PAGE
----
Also wanted to mention that covered call strategies are common within the crypto space and typically carried out with off-chain agreements between protocols/DAOs and market makers, etc. which comes with obvious counterparty risks. However, by using MYSO, all loan execution is facilitated on-chain in a transparent and verifiable manner, so there is no counterparty risk, eliminating the need to trust the borrower with fulfilling any part of the agreement.

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@contentropy I watched the borrow and lend videos. But I’m still unclear on exactly how the loans close.

Q: I a borrower choses to pay back the loan instead of letting it expire, does he do so at the initial loan price per token? or is he able ( in the case of the price of POKT falling) able to close the loan and keep the USDC difference.

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Yeah so the borrower has the right but not the obligation to repay the loan so that’s the underlying optionality. So essentially the borrower can reclaim their USDC collateral at any point prior to the fixed loan expiry, whether that be 30, 60, 90 days etc.

So to answer your question, the repayment amount is fixed to the amount of POKT (not in $ terms)

If the price of POKT were to fall, the borrower would want to reclaim their USDC because it’s worth more than the value of their borrowed POKT. They’d have to do this prior to expiry, and if they don’t, then the USDC they pledged as collateral would be unlocked and the lender i.e., POKT treasury in this case could claim the USDC.

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Question for PNF - would a DAO vote be needed to perform active treasury management, whether that includes trading POKT for stables, writing covered calls, etc, or does PNF have the authority to manage treasury without need for DAO vote?

Re the proposal, here are my thoughts: re the general concept of PNF writing covered calls on treasury POKT (this thoughts are platform agnostic as I do not know enough about MYSO to comment on security risks, illiquidity risks, etc).

1 The benefits of writing covered calls are exactly as stated in the proposal
2. The risk of writing covered calls vs keeping treasury in POKT is loosing the upside in case POKT makes big jumps upward in price. This is a very manageable risk as the treasury is in much sounder footing now at current prices than when POKT was tradng at $0.025. If we sell off allocated POKT at strike prices (plus premium) it’s a sufficient price point to conduct current DAO business. We definitely would not have wanted to write calls when price was in the $0.03 range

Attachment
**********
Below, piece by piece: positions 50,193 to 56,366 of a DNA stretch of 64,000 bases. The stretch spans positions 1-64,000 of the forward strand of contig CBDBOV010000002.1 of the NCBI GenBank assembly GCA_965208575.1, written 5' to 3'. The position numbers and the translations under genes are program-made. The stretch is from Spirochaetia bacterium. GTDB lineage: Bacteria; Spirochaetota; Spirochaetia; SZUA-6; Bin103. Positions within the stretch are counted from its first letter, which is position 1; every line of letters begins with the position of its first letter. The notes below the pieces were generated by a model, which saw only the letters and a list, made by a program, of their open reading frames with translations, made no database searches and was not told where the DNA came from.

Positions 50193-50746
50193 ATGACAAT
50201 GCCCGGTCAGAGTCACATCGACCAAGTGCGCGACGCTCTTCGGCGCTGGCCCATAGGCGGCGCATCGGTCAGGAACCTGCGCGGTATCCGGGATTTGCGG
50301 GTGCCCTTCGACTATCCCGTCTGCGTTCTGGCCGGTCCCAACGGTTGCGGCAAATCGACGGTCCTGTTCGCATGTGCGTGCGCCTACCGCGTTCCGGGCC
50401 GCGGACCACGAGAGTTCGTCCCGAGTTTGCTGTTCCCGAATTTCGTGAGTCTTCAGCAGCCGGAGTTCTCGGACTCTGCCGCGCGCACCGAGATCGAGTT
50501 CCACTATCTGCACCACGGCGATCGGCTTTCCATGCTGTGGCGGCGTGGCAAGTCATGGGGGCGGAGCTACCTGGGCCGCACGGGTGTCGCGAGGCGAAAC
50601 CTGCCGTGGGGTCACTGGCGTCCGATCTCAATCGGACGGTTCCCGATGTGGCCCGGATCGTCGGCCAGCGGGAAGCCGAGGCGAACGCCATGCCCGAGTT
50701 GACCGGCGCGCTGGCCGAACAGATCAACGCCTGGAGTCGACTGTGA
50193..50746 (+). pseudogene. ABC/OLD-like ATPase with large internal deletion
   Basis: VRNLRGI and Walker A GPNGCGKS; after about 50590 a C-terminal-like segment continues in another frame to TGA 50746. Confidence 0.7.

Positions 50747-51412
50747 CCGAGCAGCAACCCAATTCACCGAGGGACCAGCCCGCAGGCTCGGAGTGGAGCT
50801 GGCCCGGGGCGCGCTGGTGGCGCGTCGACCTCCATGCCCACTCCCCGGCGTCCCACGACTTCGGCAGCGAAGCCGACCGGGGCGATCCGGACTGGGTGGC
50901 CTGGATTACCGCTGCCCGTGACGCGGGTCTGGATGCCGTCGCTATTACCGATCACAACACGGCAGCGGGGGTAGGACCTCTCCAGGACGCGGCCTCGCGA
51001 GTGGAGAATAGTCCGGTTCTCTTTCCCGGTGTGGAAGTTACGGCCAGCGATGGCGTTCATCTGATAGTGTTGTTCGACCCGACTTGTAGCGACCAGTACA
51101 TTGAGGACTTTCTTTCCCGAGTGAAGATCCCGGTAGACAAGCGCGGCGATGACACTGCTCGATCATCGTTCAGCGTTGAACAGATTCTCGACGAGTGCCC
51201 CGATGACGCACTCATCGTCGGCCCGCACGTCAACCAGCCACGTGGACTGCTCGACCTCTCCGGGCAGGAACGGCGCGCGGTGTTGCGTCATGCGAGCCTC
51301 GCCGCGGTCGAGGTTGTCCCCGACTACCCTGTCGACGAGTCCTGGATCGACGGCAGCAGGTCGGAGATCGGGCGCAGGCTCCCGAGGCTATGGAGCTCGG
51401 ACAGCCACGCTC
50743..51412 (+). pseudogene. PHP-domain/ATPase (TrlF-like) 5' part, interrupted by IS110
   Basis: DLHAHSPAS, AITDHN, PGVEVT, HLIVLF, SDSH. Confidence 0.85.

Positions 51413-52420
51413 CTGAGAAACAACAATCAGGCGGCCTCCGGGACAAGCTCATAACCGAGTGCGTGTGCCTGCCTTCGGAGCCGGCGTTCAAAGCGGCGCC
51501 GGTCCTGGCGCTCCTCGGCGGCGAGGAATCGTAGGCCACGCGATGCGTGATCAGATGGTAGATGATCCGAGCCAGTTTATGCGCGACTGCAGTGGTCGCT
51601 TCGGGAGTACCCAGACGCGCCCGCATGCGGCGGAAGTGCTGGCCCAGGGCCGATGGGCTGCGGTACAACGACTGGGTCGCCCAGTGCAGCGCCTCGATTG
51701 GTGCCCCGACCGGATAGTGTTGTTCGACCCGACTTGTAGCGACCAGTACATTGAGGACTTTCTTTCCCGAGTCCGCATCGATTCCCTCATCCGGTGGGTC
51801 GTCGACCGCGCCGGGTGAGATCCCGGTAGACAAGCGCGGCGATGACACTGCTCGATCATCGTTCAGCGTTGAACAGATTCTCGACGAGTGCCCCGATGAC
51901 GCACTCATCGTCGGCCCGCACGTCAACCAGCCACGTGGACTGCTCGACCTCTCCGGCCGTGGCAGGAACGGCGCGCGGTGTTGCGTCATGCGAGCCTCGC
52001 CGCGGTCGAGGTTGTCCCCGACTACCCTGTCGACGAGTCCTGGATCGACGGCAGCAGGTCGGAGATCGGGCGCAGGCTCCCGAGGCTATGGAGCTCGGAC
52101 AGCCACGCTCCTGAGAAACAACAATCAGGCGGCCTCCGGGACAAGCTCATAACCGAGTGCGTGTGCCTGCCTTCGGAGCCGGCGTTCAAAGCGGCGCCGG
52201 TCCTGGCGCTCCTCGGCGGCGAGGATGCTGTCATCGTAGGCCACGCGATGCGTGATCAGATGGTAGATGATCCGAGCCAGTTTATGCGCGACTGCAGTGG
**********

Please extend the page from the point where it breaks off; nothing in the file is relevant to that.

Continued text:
3. The risk of writing covered calls vs direct swap of same amount of tokens for stables is loss of locking in current prices in case token price drops back to $0.03 range… but at least a premium is collected to slightly mitigate such risk.

All in all, I think direct swap for stables and writing covered calls are both useful tools of active treasury management. If we were to make only a single foray into active treasury management, I would suggest prioritizing swapping a certain portion of exisiting and incoming POKT to stables over the writing covered calls, but I see no reason why we can’t pursue both.

As to comments I’ve seen on TG in the vain of “DAO should stick to it’s primary focus and not get sidetracked into derivatives”, I would counter that this proposal is not about sidetracking efforts to some spurious dev effort, but simply about treasury management. And prudent management of treasury is always one of the primary responsibilities of a DAO.

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Good question.PNF cannot actively manage the DAO’s treasury without explicit consent. If the DAO wants to give such authority, I would highly recommend that any such consent be limited to a specific amount of POKT and be time bound.

I largely agree.

I think that this is an interesting proposal from @contentropy, but I’m not sure if it’s the right time for POKT’s DAO. However, I’m keen to hear the community’s interest in this as we all have a collective responsibility to steward the DAO’s treasury.

The two open questions I have are: